A:  Yes, As a key stakeholder and leading resource, IMBA encourages land managers to actively address the emerging technology of eMTBs and we will continue to assist both decision makers and our local advocates in navigating this process to reach agreeable, bike-friendly solutions.

Q: Do eMTBs do more damage to trails?

A:  IMBA conducted a study in 2015 that concluded Class 1 eMTBs are not likely to have any more impact than traditional mountain bikes or other trail users. Although this question is one of the most common reasons cited as to why Class 1 eMTBs should not have trail access, it is generally seen as a misconception. Increased trail uses and population growth in general will serve as a challenge to resources that we all must contend with, but IMBA believes we must not place the burden on any one user group without supporting scientific analysis. IMBA’s books (Managing Mountain Biking, Trail Solutions and Bike Parks) and other resources can help assist trail builders and management agencies in developing sustainable trail systems that protect natural resources.

Q: IMBA has always been a mountain biking advocacy organization. Does IMBA now also advocate for Class 1 eMTBs?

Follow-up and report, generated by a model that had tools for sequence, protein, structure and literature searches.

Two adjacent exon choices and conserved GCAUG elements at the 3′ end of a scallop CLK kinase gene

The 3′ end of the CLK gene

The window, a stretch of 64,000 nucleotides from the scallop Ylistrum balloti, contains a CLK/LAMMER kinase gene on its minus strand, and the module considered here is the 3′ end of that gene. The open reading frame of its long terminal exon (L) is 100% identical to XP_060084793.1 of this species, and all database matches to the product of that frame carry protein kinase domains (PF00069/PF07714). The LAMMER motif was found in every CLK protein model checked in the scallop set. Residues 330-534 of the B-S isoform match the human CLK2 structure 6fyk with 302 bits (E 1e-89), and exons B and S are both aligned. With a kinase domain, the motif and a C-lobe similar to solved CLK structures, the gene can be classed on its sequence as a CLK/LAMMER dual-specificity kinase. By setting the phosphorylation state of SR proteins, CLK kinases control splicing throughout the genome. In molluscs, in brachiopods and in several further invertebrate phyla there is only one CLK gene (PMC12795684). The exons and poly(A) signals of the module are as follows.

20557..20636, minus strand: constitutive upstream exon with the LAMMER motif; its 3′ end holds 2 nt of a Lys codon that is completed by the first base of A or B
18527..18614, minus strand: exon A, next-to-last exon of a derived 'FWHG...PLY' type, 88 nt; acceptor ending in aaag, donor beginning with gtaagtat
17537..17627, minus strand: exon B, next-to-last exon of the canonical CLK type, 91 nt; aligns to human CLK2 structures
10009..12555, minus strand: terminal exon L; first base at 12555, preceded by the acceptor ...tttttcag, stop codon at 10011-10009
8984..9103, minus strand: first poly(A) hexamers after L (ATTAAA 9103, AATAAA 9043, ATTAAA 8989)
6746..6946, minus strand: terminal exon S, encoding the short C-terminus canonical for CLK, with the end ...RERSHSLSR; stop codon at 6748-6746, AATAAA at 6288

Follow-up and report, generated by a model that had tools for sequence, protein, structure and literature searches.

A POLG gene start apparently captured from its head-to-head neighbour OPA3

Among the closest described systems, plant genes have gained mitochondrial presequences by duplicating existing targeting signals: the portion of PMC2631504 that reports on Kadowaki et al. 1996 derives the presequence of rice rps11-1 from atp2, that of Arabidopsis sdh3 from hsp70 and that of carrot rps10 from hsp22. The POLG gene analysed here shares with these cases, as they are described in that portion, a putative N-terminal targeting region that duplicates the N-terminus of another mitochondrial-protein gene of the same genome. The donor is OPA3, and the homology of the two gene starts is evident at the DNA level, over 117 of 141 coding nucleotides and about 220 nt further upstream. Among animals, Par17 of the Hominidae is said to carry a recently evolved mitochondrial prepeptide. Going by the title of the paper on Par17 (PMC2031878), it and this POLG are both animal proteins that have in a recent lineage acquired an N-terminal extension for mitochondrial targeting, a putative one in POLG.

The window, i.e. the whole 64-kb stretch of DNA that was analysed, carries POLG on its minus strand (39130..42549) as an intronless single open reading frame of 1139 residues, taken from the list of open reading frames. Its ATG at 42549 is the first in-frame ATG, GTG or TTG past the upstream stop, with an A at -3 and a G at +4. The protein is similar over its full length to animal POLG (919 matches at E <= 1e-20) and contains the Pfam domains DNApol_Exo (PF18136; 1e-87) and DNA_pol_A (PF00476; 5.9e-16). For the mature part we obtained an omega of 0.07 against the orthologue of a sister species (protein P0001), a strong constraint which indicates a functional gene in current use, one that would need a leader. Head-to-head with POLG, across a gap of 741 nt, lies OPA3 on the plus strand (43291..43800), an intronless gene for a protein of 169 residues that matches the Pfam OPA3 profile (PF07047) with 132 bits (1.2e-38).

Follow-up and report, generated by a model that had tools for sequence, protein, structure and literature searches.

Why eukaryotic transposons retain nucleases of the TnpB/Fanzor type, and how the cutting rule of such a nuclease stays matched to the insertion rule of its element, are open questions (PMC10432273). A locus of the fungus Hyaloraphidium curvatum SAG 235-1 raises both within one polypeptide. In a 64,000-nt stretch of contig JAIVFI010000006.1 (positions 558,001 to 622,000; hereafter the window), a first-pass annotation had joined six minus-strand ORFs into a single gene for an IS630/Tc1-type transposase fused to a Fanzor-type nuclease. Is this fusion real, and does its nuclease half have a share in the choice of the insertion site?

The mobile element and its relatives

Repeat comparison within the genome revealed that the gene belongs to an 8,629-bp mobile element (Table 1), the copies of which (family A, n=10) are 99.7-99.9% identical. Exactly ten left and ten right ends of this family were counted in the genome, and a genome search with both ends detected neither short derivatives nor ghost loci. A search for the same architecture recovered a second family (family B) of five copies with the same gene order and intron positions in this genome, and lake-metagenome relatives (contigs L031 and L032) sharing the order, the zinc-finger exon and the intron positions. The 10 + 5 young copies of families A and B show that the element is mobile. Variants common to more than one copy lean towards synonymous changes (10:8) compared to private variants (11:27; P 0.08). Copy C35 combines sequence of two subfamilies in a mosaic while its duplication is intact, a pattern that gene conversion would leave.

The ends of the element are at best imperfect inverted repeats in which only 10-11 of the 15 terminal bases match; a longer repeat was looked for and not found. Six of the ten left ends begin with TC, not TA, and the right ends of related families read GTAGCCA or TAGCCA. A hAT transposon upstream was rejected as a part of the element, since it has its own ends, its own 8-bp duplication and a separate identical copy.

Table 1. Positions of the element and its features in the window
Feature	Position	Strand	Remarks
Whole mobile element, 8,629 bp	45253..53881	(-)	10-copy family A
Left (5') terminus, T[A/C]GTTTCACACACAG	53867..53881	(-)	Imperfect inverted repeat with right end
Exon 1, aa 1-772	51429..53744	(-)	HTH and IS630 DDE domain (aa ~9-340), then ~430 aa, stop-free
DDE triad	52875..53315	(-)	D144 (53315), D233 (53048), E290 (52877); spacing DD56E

A:  IMBA’s mission is to create, enhance and protect great places to ride mountain bikes. Nothing has changed there. We believe eMTBs will be a great way for people to enjoy trail-based recreation and we look forward to working with agencies, land managers and all stakeholders to achieve the best possible solutions. This will naturally play out through our advocacy and trail building work across the country. Our ideal situation is that together we all navigate this emerging technology so bike access is enhanced and protected broadly, and new opportunities to ride bikes (whether non-motorized or electric) are better than ever.

Q: How might adding eMTBs to traditional trails threaten non-motorized trail grants and trails funded by non-motorized grants?

A: Many sources of federal, state and local funding for trails relied upon by mountain bike advocates and volunteer stewardship organizations specify that funds be spent on non-motorized projects. It is unclear at this time how past funding for non-motorized projects and future funding would be affected if eMTBs were allowed on such trails. This is an issue that demands more policy consideration, research and discussion. Resources that come from federal LWCF and RTP programs are often restricted and divided between motorized and non-motorized categories. IMBA will continue to vigorously defend funding sources relied upon by our local advocates, such as RTP and LWCF.